Figure 2
Schematic diagram of the growth mechanisms.
Figure 3
Microstructures and component analysis of the Bi2Se3 nanostructures.

Electrical transport properties of the synthesized Bi2Se3 nanostructures were also studied. The as-grown Bi2Se3 nanostructures were transferred onto an insulator substrate. Micro-Hall devices based on the nanoplates and four-probe devices based on the nanobeams were fabricated via the processes including electron beam lithography, metal deposition, and lift-off. Typical SEM images of the devices are shown in Figures 4(a, e). As shown in Figure S4, the SEM image of a nanobeam device viewed using a 52° tilted sample stage indicates the nanobeam with a rectangle cross-section and a flat top surface. The temperature dependences of resistance for Bi2Se3 nanobeam and nanoplate are shown in Figure S5. The resistances for both samples decrease with decreasing temperature from 300 K to 20 K, showing a metallic behavior. Below 20 K, the resistance tends to saturate, which may result from the surface conduction and the bulk residual conduction.

Figure 4
Quantum transport properties of Bi2Se3 nanoplate and nanobeam.

The magnetoresistance (MR) of the nanoplate and nanobeam devices measured at 1.5 K are shown in Figures 4(b, f), respectively. A large positive MR of ~200% with no evidence of saturation was found at 14 T. Interestingly, there are also oscillations superposed on the linear MR at high magnetic field. Figures 4(c, g) show the SdH oscillations obtained by subtracting the positive MR background for the nanoplate and nanobeam, respectively. The well-resolved SdH oscillations indicate the high-quality of the samples and also offer a platform to study the special quantum properties of the topological insulators. To confirm the observed phenomenon, more than ten devices were measured and similar results were obtained.

We analyzed the SdH oscillations by plotting the Landau index versus the inverse of the magnetic field (1/B). Under a perpendicular magnetic field, the energy spectrum of the surface states are formed as Landau levels (LLs). As B is changed, the energy spacing between LLs and the degeneracy of each LL will change accordingly. When the Fermi energy is located between two LLs, the carriers are localized which results in the minima in conductance. Therefore, the value of BN can be indexed by the Landau index N (In the quantum Hall regime, it corresponds to the Hall platform). Due to the tensor relation, the conductance is expressed as Gxx = Rxx/[Rxx2 + Rxy2], where the Hall resistance Rxy = −B/(n·e·d), n is the carrier concentration, e is the charge element, and d is the sample thickness.

For the Bi2Se3 nanoplate devices, the Hall resistance (Rxy) was measured using the Hall bar structure. The Hall resistances of the nanoplate under various temperatures are shown in Figure S6(a). The sign of the Hall slope indicates the n-type carrier transport in the as-grown Bi2Se3 nanoplates. By fitting the Rxy-B curves in the low magnetic field region, the Hall carrier concentration and Hall mobility were calculated. As shown in Figure S6(b), the Hall carrier concentration is about ~1018 cm−3, and slightly increases with increasing temperature. The Hall mobility is ~6000 cm2/(V s) at 1.4 K and changes little below 30 K. The conductance Gxx was calculated and the Gxx-B curve is presented Figure S7(a). Via subtracting the background, the oscillations in Gxx at high magnetic field were clearly observed. To compare with the oscillations of Rxx, we plotted the ΔGxx and ΔRxx as a function of B in one figure, as shown in Figure S7(b). It is interesting to note that the minima in Gxx are well consistent with the minima in Rxx, suggesting that the Bi2Se3 nanoplates are of high quality and the surface conductance GxxS is dominant for the Bi2Se3 nanoplate device at low temperatures. Therefore, we plotted the 1/BN (where the minima in Rxx appear) against N for the Bi2Se3 nanoplate devices, as shown in Figure 4d. The linear fitting gives an intercept of 1/2, indicating the SdH oscillations are originated from the surface states with Dirac fermions. From the fitted slope F of 44.3, the carrier concentration n ~1.07 × 1012 cm−2 is also obtained.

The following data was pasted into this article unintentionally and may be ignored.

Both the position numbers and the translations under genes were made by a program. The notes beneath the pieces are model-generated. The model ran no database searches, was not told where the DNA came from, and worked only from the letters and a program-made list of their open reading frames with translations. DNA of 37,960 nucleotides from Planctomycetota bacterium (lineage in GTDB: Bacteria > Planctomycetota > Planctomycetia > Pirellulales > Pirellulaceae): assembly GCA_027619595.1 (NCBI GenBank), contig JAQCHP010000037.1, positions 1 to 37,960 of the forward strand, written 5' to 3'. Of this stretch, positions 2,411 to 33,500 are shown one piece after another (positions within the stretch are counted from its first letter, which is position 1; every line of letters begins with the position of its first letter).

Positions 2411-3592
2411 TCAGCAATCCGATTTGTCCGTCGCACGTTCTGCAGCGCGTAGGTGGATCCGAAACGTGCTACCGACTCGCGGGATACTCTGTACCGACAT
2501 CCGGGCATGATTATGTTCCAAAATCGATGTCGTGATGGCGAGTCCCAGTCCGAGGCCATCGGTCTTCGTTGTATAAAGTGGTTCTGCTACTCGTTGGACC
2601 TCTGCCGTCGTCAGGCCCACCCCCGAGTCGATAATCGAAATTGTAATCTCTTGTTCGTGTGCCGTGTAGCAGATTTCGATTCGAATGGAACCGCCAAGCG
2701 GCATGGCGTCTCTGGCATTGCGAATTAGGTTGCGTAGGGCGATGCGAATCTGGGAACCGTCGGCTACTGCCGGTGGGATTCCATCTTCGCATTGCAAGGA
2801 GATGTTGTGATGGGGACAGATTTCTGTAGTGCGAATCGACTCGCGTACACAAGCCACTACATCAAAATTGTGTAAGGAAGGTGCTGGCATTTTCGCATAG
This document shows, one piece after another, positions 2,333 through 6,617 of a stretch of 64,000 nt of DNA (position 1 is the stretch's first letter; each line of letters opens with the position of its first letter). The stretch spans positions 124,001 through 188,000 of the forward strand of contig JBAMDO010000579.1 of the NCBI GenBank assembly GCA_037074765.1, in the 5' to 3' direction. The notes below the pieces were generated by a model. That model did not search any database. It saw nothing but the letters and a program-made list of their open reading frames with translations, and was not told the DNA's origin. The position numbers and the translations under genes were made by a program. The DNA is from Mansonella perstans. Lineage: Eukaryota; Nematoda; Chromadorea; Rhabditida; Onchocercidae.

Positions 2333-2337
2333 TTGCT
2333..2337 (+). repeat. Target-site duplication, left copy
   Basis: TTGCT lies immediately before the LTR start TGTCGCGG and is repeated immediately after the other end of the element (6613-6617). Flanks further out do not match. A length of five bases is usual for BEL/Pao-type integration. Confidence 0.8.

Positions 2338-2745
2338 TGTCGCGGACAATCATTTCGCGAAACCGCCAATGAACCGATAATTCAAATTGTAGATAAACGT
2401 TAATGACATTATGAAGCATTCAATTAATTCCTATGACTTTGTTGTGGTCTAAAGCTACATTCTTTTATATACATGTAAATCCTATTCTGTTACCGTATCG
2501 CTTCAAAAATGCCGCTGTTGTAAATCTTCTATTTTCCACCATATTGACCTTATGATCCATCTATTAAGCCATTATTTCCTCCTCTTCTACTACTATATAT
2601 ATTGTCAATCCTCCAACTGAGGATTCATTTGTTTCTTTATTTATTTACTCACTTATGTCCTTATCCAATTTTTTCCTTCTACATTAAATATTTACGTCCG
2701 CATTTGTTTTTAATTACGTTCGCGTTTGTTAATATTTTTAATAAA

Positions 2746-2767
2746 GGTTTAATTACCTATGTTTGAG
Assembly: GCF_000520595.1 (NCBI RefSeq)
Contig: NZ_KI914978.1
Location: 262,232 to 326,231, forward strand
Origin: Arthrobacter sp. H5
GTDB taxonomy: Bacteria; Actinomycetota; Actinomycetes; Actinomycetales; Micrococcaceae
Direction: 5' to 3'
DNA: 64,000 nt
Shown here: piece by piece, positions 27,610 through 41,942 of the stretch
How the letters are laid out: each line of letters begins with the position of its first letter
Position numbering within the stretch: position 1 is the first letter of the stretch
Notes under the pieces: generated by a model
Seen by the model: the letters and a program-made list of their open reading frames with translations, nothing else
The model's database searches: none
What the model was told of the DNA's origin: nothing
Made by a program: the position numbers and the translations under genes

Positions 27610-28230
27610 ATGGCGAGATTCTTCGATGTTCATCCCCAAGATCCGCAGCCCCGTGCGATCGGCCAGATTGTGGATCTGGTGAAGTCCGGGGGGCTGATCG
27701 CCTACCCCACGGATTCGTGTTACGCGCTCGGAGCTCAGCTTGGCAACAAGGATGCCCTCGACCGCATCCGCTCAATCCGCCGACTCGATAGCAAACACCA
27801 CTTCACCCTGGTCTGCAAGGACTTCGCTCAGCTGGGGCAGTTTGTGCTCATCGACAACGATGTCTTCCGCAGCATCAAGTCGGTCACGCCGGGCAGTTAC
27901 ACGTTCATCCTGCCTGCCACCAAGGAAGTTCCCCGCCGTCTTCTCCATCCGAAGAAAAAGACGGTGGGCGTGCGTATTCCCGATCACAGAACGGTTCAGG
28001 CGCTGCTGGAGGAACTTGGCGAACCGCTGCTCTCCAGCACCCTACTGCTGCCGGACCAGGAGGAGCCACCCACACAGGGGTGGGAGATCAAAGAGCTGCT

For the Bi2Se3 nanobeams, it is very hard to determine the BN using the minima or maxima in Rxx without Hall data. We are aware that recently Fang et al. assigned the maxima in Rxx SdH oscillations to the Landau level index N (although the authors of Ref. 24 did not directly mention this point), which demonstrated the π-Berry phase of the surface states in Bi2Se3 nanoribbons24. Here, the Bi2Se3 nanobeams have similar morphology of nanoribbons. Under a perpendicular magnetic field, the surface states on the top/bottom surfaces contribute to the SdH oscillations, while the surface states on the side surfaces do not contribute to the SdH oscillations. Because Gxx is contributed from bulk conductance GxxB, side surface conductance GxxSide-S, and top/bottom surface conductance GxxTop/bottom-S parallel connection, the GxxTop/bottom-S to Gxx ratio may be low and the variation trends of Rxx are consistent with 1/Gxx in the Bi2Se3 nanobeams. We plotted Landau index N as a function of 1/BN (where the maxima in Rxx appear) in Figure 4(h). A good linear fitting is achieved. The fitting gives the intercept of 1/2 and the slope F of 28.06. The observation of the intercept of 1/2 implies the existence of Berry's phase π, which ambiguously indicates the SdH oscillations originate from the 2D surface Dirac electrons. According to the Onsager relation F = (h/4π2e)SF, we obtain the surface carrier concentration n = kF2/4π = 6.8 × 1011 cm−2, where h is the Planck's constant, SF ~ 2.7 × 1017 m−2 is the Fermi surface cross-section area, and kF~ 0.29 nm−1 is the Fermi wave-vector.